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House Debate on Constitutionality of H.R. 1249 – America Invents (NOT) Act

House Debate on Constitutionality of H.R. 1249 – America Invents (NOT) Act
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The House had their first ever debate last night (6/22/11) on the Constitutionality of a piece of legislation under the new rules requiring the House specifically address the Constitutionality of legislation. The major supporter for the Constitutionality of America Invents Act was Lamar Smith, Republican from Texas and the major Congresswoman challenging the Constitutionality was Marcy Kaptur, Democrat from Ohio.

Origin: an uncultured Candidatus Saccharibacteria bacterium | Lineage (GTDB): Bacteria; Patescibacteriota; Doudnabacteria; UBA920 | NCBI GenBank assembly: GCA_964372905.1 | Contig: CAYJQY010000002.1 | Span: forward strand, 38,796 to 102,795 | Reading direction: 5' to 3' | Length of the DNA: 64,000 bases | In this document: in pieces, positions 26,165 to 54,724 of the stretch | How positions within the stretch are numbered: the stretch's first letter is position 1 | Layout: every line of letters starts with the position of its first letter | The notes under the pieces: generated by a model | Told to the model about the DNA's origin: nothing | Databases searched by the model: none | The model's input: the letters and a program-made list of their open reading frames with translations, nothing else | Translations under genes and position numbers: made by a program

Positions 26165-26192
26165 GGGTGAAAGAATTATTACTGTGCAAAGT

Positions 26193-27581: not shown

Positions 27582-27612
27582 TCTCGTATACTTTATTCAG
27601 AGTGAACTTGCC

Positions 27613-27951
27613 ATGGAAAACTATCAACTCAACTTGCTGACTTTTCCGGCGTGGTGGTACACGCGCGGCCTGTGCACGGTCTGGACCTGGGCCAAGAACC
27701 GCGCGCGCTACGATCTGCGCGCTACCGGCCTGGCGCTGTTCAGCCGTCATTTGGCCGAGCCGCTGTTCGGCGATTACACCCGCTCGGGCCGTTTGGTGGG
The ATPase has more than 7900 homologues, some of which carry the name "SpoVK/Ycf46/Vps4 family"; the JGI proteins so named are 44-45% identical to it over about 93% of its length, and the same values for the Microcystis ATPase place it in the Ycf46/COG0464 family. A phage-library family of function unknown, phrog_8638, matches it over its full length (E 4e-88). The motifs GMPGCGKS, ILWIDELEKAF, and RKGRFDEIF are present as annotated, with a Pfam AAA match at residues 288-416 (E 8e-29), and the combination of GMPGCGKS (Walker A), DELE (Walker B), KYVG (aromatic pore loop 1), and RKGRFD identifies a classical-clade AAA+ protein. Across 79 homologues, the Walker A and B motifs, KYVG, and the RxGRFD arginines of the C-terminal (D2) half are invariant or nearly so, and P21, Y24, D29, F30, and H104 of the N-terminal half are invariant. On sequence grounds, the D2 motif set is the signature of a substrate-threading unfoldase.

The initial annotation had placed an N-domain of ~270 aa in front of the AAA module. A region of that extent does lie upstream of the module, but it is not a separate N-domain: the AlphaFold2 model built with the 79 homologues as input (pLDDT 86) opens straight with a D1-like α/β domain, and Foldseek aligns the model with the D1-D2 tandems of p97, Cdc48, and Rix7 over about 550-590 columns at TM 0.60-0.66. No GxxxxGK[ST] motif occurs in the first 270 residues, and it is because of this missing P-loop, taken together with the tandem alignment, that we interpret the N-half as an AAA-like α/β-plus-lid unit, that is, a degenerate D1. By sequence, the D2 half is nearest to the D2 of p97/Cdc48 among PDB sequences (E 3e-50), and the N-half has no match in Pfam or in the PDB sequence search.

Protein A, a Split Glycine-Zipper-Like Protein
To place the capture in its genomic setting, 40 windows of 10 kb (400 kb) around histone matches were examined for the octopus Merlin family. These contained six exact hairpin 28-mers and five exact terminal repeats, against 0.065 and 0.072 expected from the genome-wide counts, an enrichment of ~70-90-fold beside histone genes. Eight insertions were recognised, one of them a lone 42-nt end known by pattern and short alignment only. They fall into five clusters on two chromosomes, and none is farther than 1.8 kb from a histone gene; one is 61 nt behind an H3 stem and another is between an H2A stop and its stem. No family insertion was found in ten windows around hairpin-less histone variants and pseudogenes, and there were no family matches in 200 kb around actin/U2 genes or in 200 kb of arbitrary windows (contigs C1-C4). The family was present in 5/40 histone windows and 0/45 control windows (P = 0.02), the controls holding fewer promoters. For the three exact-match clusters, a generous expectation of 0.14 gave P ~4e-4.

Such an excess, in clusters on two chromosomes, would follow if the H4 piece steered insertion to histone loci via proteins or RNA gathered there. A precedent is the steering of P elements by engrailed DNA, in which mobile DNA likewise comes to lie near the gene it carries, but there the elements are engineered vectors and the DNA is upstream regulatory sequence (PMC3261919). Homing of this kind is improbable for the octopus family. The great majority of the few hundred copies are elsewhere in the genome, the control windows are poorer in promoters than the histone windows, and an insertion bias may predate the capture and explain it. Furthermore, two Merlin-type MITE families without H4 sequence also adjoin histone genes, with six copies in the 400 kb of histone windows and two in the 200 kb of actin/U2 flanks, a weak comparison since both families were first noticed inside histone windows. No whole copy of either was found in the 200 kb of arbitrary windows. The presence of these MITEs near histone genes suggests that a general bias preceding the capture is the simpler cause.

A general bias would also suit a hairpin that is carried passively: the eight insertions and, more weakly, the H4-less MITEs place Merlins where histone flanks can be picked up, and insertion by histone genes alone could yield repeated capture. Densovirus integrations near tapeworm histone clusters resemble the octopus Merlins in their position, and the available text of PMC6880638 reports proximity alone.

Kaptur pointed out that the first right ever mentioned in the Constitution, even before the Bill of Rights, was the exclusive right ofinventors and authors to their writings and discoveries – Article 1, Section 8, clause 8.  Representative Kaptur pointed out that the Constitution protects the rights of inventors, not the first person to file for a patent.  The proponents of the Bill have pushed the nonsensical idea that the Bill awards patents to the “first inventor to file.”  There is no such thing as the “first inventor to file.”  Only one person or group can be an inventor, the other people are just clever engineers.  For instance, if I recreated calculus without any apparent training in calculus, that would not make me the discover of calculus, it would just make me clever at math.  Kaptur points out that the inventor has an inchoate right to a patent upon reducing an invention to practice.  The first person to file, even if they recreate the invention, does not have an inchoate right.